Case Examples of Project Closeout 53Â Â The Georgia DOT uses e-Construction and AASHTOWare during project closeout. Using electronic documents and digitalizing many construction-related processes, including project closeout, has helped to make the closeout process more efficient. However, even with the use of shared documents for reviewing information, the delays associated with external parties providing the documents have not changed with the advent of e-Construction. Processes are more efficient since information is shared real time, but Georgia DOT staff noted that even with the use of e-Construction, project closeout still entails many paper documents that are passed around for review and signature. Factors that Delay Project Closeout The Georgia DOT has run into delays associated with local entities in terms of the funding, as well as dealing with the utilities, and the railroads that are a part of projects. Payment and expen- diture disagreements between the DOT and utilities tend to hold up project closeout, as well as receiving timely invoices from utilities to close out project accounts. Railroads tend to work on their own schedule based on the contract between the DOT and the railroads. The Georgia DOT Figure 16. Screenshot of the Georgia DOT project closeout performance measures report.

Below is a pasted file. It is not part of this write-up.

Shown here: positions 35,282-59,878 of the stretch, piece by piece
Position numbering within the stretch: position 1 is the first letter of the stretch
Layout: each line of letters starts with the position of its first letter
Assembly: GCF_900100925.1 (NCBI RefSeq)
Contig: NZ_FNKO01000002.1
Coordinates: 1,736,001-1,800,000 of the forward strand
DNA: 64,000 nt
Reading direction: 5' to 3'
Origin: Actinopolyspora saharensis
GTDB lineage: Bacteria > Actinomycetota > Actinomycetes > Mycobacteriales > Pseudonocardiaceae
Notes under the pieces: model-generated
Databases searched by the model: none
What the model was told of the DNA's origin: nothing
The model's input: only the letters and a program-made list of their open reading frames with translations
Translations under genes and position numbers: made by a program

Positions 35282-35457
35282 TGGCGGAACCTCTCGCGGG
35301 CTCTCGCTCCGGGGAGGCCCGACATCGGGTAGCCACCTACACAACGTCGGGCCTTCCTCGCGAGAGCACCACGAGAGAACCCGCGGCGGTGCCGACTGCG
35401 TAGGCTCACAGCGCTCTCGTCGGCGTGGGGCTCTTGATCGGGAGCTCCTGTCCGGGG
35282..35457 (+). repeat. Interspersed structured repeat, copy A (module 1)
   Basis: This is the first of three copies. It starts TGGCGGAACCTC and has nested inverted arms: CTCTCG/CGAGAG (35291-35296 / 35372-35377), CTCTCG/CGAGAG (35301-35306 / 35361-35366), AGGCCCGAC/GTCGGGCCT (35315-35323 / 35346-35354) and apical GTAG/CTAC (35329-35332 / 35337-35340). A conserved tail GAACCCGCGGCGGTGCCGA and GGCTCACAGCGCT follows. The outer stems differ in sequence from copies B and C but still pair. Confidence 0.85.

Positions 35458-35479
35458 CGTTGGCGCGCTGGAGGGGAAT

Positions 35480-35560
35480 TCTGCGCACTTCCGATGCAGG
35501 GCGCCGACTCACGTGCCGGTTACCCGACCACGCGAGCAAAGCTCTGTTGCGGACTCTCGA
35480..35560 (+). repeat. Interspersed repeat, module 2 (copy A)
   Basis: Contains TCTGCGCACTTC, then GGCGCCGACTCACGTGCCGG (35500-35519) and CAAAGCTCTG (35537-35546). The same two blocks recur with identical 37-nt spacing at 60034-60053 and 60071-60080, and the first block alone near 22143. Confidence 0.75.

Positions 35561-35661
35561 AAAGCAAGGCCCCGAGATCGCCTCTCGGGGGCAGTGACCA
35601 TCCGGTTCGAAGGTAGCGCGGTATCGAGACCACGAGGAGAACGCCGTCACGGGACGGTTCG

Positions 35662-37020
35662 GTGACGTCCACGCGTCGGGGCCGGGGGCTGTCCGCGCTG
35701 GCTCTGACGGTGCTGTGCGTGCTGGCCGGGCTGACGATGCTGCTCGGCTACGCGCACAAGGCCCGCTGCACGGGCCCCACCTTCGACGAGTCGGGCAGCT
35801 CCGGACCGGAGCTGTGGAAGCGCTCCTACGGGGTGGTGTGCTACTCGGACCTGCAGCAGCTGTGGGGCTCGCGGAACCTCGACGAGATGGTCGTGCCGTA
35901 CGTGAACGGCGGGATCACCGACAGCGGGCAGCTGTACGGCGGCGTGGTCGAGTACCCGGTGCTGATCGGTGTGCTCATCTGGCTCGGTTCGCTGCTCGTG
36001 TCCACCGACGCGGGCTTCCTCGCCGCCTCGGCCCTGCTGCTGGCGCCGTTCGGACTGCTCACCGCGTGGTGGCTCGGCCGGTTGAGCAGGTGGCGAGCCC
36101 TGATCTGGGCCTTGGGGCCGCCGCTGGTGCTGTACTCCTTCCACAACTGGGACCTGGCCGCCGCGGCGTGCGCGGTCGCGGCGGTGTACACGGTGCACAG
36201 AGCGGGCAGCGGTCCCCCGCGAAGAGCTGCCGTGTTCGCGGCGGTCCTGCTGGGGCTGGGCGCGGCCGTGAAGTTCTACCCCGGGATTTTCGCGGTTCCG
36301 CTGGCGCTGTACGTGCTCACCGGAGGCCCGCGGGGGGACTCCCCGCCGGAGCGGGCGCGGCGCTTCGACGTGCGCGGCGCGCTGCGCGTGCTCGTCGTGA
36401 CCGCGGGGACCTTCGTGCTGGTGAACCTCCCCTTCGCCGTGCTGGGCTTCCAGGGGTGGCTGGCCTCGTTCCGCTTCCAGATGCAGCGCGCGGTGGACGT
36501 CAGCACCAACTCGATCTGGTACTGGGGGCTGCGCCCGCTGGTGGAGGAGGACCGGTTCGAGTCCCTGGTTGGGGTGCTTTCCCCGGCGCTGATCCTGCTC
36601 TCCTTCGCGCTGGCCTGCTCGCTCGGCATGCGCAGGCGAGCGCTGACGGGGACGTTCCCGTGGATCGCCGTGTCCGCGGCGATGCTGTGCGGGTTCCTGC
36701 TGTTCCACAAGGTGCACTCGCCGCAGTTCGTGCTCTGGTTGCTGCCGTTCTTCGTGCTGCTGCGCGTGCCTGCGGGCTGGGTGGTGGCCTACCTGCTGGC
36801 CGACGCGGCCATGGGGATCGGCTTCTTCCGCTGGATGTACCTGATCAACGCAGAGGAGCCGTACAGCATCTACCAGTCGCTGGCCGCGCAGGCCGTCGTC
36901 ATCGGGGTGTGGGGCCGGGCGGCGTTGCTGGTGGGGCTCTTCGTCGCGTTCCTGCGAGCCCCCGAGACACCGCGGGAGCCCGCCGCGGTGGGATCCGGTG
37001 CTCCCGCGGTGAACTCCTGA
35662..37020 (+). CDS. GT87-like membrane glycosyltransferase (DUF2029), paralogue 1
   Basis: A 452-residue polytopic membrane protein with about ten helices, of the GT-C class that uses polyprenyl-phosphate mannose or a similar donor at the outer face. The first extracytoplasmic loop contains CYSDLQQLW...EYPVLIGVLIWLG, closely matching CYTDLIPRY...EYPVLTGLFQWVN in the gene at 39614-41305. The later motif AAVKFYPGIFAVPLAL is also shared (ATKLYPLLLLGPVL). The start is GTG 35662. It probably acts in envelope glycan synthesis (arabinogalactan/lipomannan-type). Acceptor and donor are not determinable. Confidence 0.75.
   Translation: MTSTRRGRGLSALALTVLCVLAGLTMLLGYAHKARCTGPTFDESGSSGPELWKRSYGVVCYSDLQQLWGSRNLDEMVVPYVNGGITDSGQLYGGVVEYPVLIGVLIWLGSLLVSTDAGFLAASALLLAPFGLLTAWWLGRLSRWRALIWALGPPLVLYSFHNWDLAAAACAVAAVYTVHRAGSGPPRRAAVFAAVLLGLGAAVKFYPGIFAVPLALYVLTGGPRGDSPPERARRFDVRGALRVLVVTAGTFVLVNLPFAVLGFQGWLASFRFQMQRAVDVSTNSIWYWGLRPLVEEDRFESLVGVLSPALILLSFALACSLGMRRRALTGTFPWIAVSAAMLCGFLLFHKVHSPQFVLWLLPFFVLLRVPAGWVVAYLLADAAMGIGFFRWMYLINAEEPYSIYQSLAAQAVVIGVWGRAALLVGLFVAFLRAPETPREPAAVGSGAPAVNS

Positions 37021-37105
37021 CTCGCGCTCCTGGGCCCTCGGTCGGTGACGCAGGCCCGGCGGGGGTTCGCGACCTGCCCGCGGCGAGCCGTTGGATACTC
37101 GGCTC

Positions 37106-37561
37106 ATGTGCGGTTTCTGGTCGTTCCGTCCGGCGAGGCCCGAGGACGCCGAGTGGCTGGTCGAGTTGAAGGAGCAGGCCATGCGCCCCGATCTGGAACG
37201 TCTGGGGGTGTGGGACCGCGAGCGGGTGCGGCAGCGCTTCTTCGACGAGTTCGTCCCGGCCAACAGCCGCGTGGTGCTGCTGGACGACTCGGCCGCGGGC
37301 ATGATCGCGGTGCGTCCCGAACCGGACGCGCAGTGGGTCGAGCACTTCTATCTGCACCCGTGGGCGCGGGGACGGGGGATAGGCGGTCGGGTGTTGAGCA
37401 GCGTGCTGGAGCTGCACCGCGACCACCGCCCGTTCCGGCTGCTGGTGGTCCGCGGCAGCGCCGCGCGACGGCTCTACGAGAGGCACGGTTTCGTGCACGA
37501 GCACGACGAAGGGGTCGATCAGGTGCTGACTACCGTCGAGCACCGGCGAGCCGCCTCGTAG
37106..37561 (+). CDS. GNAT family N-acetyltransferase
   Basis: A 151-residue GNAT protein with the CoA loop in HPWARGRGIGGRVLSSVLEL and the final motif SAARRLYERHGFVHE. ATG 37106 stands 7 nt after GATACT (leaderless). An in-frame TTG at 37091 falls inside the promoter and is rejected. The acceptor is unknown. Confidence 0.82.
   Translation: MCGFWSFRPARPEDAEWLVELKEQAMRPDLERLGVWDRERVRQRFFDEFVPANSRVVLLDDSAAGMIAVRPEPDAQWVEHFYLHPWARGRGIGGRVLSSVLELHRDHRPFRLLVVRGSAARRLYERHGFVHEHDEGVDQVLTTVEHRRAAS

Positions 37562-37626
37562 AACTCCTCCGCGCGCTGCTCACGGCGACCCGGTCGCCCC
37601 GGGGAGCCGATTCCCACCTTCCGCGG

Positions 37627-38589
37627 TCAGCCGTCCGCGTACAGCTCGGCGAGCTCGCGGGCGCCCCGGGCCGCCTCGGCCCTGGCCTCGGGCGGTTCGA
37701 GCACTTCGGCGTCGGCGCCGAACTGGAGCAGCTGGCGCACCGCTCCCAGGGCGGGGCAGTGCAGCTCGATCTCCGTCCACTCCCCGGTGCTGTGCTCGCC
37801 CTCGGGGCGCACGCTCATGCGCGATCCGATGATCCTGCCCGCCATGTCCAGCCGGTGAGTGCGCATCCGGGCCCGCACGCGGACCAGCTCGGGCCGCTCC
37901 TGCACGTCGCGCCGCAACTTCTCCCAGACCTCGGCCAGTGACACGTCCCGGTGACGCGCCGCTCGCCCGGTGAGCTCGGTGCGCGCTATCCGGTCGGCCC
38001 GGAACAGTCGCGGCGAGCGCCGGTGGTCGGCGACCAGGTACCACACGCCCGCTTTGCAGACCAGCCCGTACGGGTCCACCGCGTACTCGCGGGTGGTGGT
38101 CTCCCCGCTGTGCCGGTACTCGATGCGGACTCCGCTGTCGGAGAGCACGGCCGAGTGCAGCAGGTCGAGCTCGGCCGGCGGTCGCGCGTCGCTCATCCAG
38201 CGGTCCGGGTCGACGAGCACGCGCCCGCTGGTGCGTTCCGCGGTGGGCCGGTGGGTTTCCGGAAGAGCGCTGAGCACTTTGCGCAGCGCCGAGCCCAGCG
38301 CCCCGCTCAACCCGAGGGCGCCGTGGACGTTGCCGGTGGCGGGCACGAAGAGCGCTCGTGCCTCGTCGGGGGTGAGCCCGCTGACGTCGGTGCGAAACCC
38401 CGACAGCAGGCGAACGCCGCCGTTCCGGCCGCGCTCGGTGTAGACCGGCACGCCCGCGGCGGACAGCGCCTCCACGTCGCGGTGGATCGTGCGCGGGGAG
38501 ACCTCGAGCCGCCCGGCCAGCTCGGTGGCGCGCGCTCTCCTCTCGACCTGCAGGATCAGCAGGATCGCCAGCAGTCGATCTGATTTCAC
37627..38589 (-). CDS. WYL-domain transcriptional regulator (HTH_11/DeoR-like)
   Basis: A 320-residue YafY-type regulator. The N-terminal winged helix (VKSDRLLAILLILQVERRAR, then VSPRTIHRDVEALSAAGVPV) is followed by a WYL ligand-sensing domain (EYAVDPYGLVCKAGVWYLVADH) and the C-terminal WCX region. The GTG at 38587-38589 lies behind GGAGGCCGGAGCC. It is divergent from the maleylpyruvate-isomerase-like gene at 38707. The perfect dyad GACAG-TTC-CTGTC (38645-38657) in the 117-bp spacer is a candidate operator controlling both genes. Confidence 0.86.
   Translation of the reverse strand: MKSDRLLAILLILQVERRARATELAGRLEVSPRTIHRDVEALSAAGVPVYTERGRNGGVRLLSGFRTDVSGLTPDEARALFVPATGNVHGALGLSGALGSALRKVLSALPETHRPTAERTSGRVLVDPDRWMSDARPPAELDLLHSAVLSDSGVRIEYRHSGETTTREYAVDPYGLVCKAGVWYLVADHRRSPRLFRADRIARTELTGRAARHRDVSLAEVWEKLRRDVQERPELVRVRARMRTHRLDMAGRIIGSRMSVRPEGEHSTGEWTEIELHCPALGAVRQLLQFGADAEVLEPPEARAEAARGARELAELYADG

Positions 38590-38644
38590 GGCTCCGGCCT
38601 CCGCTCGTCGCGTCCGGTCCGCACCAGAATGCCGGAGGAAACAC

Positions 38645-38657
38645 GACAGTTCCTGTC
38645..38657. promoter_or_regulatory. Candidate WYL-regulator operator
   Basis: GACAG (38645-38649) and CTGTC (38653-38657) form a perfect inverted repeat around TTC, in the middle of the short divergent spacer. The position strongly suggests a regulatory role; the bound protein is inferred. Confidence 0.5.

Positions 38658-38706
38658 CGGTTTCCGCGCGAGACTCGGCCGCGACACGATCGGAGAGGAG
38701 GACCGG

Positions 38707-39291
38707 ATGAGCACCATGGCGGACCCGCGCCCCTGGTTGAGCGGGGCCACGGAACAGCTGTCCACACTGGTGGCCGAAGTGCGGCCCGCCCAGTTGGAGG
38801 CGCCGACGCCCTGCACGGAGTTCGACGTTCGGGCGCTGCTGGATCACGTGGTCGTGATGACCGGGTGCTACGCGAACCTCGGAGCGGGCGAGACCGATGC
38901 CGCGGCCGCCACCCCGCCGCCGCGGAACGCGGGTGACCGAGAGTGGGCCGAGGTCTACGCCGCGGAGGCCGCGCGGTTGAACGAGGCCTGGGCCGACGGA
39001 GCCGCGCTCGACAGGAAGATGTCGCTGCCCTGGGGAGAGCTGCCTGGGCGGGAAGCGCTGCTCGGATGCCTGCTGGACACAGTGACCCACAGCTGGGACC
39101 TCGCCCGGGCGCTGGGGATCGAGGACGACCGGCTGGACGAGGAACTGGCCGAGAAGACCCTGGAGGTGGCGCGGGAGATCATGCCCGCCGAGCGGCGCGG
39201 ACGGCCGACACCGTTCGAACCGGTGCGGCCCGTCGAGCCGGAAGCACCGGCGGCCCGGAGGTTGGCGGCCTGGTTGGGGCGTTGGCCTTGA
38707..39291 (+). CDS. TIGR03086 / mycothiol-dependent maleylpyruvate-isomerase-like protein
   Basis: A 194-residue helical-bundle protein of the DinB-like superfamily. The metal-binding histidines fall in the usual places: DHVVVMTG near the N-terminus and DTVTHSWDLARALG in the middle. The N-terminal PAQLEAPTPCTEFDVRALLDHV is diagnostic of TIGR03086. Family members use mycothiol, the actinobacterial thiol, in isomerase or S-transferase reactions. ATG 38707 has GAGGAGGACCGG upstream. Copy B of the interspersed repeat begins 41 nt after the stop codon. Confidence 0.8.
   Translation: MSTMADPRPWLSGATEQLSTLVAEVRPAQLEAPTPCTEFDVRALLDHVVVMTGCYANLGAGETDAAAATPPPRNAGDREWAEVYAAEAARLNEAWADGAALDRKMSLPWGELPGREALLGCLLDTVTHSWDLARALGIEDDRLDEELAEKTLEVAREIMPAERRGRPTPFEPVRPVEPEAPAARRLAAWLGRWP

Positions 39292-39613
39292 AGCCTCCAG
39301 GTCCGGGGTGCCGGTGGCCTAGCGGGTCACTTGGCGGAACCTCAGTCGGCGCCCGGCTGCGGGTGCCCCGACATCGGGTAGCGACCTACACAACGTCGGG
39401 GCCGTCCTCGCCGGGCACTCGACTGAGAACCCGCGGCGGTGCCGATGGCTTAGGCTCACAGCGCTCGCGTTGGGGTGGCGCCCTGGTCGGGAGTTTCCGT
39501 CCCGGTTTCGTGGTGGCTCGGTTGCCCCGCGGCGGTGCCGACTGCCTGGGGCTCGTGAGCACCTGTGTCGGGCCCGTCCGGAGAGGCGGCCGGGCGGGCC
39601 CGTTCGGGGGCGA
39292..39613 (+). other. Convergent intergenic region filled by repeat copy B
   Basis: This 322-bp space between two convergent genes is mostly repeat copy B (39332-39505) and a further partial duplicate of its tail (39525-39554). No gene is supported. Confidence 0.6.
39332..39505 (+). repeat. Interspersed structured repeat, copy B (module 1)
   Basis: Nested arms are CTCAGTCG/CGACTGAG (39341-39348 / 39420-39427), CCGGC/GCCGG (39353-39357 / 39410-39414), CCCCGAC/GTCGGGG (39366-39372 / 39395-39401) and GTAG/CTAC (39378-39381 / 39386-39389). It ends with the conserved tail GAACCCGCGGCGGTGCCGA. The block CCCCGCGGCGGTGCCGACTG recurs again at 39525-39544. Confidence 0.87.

54 Practices for Closing Out Highway Projects from Substantial Completion to Final Payment has experienced difficulties receiving invoices in a timely manner, which impacts closeout since all invoices and payments are needed to be complete before closeout can be official. An area of ongoing delay issues that the Georgia DOT experiences is associated with locally funded projects. In an example provided by Georgia DOT staff, once a local entity has its money, there is a lack of priority by the local entity to close out a project in a timely manner. If a local match in funding is a part of the project, project closeout takes longer to resolve matching funding issues. Furthermore, the Georgia DOT project manager, the revenue unit, and the finan- cial management staff need to agree on how to apply these funds and making sure they are recon- ciled properly. The contract agreement states the intent of local funds and, therefore, requires the revenue unit and Financial Management Office to review and ensure that the expenses are applied correctly to the local funds. Coordination of project closeout can sometimes lead to delays. If federal funding is used on a project and proper closeout has not occurred in a timely manner, then the project may show up on the FHWA FIRE report of inactive obligations. Commonly, when this occurs, it is because the Office of Financial Management has not received the final package from the General Accounting Office and has not shown up on the closeout list for financial management. An inquiry then takes place to find out where in the closeout process the package is at currently. The delay is that the financial side of a project does not receive the final package in a timely manner in regard to the last activity that was generated in the federal system, and therefore, closeout in the Financial Management Office has not begun; all the while it has now shown up on the FHWA inactive list. Georgia DOT staff noted issues and delays associated with the lack of consistency in staffing. By the time a project is ready to closeout, proper notification from the construction side or project manager may not occur, since the project manager has moved on to another position or left the DOT and someone new that does not know the history or process to close out the project is in charge. In some cases, the people on the construction side do not have the information or history of the project, and so closeout was not initiated properly or in a timely manner. This makes it difficult to gain the proper authority from construction so that the financial closeout process can begin. In some instances, the Georgia DOT noted delays associated with the right-of-way (ROW) for a project. Closing out the ROW first requires the Financial Management Office to generate the ROW cost certificate based on the expenses paid to date shown in the accounting system. The ROW office receives the ROW cost certificate that then reviews the project ROW expenses to make sure that they agree with the associated ROW acquisitions. Once the review is complete, the ROW office signs off and sends it back to the Financial Management Office. In all, this process is supposed to take 30 days, but many times it takes longer than that to get ROW approval of the ROW costs for a project. One reason for this delay, as mentioned by Georgia DOT staff, was that the ROW cost certificate is not created until the Financial Management Office receives the final package, and it is not until financial closeout is in progress that ROW becomes involved in the project closeout process. Labor expenses are finalized and included with the final package from the construction office. The General Accounting Office and Financial Management Office review the labor expendi- tures, but typically for federally funded projects a line-by-line reconciliation is not necessary since labor expenses qualify. However, when using bonds or local funds to finance projects, labor is examined more closely, as it does not qualify to be covered by bond-funded projects, and typically line-by-line reconciliations are needed. When examining labor costs, if an overrun on the labor element of a project occurs, either the Georgia DOT requests funding to cover labor expenses that do not qualify or the labor charges would have to be moved to other cost accounts, such as office overhead.